*** DEBUG END ***

Paul Vallely: New plan not as uniform as it appears

31 May 2024

Paul Vallely delves into the Prime Minister’s National Service election pledge


Rishi Sunak meets veterans at a community breakfast in his constituency in Northallerton, North Yorkshire, while on the General Election campaign trail, on Saturday

Rishi Sunak meets veterans at a community breakfast in his constituency in Northallerton, North Yorkshire, while on the General Election campaign trai...

THERE is something attractive about the idea of National Service. Our society is governed by consumerist individualism. Our culture is dominated by technologies that fragment rather than connect. So, there was something appealing about the Conservative Party’s election initiative to promote, in Rishi Sunak’s words, a “shared sense of purpose among our young people, and a renewed sense of pride in our country”.

Intriguingly, one of the first people to rubbish the proposal was Nigel Farage, who declared that it was simply intended to woo Reform supporters back to the Conservative fold. But Mr Sunak’s plan is unlikely to appeal to the Colonel Bufton-Tuftons who want to see groups of youths removed from our street corners and subjected to a bit of square-bashing.

Mr Sunak suggests there will be just 30,000 military placements in his new draft, and they will go to the “brightest and the best” in areas such as logistics, cyber-security, procurement, or civil-response operations. Only one in 26 would join this élite, which would become, Mr Sunak envisaged, as desirable a destination as Oxbridge.

The rest of the annual intake of 18-year-olds — totalling 775,000 in 2021 – would do their mandatory service at weekends with the police, fire service, NHS, or charities, without barrack-room discipline. That doesn’t sound much of a vote-winner among testy Telegraph readers in the Shires.

Nor are defence chiefs enamoured. The Government has been cutting defence spending, closing barracks, and reducing the size of our military for more than a decade. The British Army has not been so small since the Napoleonic wars. Yet to handle just 10,000 conscripts, one analyst estimates, it needs 432 additional battalions, 750 extra officers and 5000 more NCOs.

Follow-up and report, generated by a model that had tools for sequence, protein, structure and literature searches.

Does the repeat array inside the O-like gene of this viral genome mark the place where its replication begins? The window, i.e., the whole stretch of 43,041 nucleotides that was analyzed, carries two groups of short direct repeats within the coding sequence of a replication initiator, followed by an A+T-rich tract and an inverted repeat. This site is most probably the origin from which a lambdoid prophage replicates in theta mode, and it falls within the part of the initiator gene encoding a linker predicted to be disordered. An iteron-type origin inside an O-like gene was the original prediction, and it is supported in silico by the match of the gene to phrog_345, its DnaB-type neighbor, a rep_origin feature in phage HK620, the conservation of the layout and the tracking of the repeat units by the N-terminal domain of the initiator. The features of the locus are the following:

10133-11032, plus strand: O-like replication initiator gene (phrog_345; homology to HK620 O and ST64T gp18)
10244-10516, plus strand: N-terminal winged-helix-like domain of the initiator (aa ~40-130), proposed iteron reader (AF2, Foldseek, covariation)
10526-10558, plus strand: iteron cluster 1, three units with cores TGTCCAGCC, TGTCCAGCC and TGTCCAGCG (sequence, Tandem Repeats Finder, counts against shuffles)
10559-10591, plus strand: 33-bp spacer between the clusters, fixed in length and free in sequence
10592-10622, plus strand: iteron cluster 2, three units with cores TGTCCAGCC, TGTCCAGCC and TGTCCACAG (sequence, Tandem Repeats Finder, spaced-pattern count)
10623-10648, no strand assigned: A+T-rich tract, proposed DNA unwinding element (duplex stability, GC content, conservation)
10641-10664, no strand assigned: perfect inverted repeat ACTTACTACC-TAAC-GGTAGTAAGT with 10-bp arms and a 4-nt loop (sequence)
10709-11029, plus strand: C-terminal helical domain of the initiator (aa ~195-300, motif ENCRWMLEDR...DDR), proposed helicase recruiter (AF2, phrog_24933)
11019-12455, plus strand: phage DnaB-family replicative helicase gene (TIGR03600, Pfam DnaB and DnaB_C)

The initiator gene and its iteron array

“Electoral opportunism,” one former Chief of the General Staff said. “Bonkers,” said a former Chief of the Naval Staff, who reckons that the scheme would suck even more money out of actual defence.

That’s not all. Some £1.5 billion of the cost is to come from the UK Shared Prosperity Fund — the “levelling-up” pot established to support neglected communities in coastal Britain, Cornwall, Wales, and the so-called Red Wall areas in the north which lost out after Brexit.

Various other paradoxes and contradictions have been thrown up. Will this National Service just be a form of cheap labour to plug gaps in under-funded public services? What sanctions will there be for those who refuse to join? Could military recruits later be deemed reservists, at risk of being called up first to fight in some future war?

Mr Sunak’s get-out-of-jail card is that all this will be answered by a Royal Commission after the election. Critics are unconvinced, and one wag observed: “Only this lot could come up with the idea of compulsory volunteering.”

Worst of all, the plan was announced just two days after Mr Sunak’s own Defence Minister told Parliament that there were no plans for National Service in “any form”, because it would divert resources and damage morale in the regular Army. And, the day after it was announced, another minister declared that the plan had not been drawn up “on the advice of officials”, but by some bright spark in Conservative Central Office. It was not the most auspicious start to Mr Sunak’s election campaign.

Browse Church and Charity jobs on the Church Times jobsite

Letters to the editor

Letters for publication should be sent to letters@churchtimes.co.uk.

Letters should be exclusive to the Church Times, and include a full postal address. Your name and address will appear below your letter unless requested otherwise.

Forthcoming Events

Green Church Awards

Awards Ceremony: 6 September 2024

Read more details about the awards


Festival of Preaching

15-17 September 2024

The festival moves to Cambridge along with a sparkling selection of expert speakers

tickets available


Inspiration: The Influences That Have Shaped My Life

September - November 2024

St Martin in the Fields Autumn Lecture Series 2024

tickets available



Festival of Faith and Literature

28 February - 2 March 2025

The festival programme is soon to be announced sign up to our newsletter to stay informed about all festival news.

Festival website


Visit our Events page for upcoming and past events 

The Church Times Archive

Read reports from issues stretching back to 1863, search for your parish or see if any of the clergy you know get a mention.

FREE for Church Times subscribers.

Explore the archive

Welcome to the Church Times


To explore the Church Times website fully, please sign in or subscribe.

Non-subscribers can read four articles for free each month. (You will need to register.)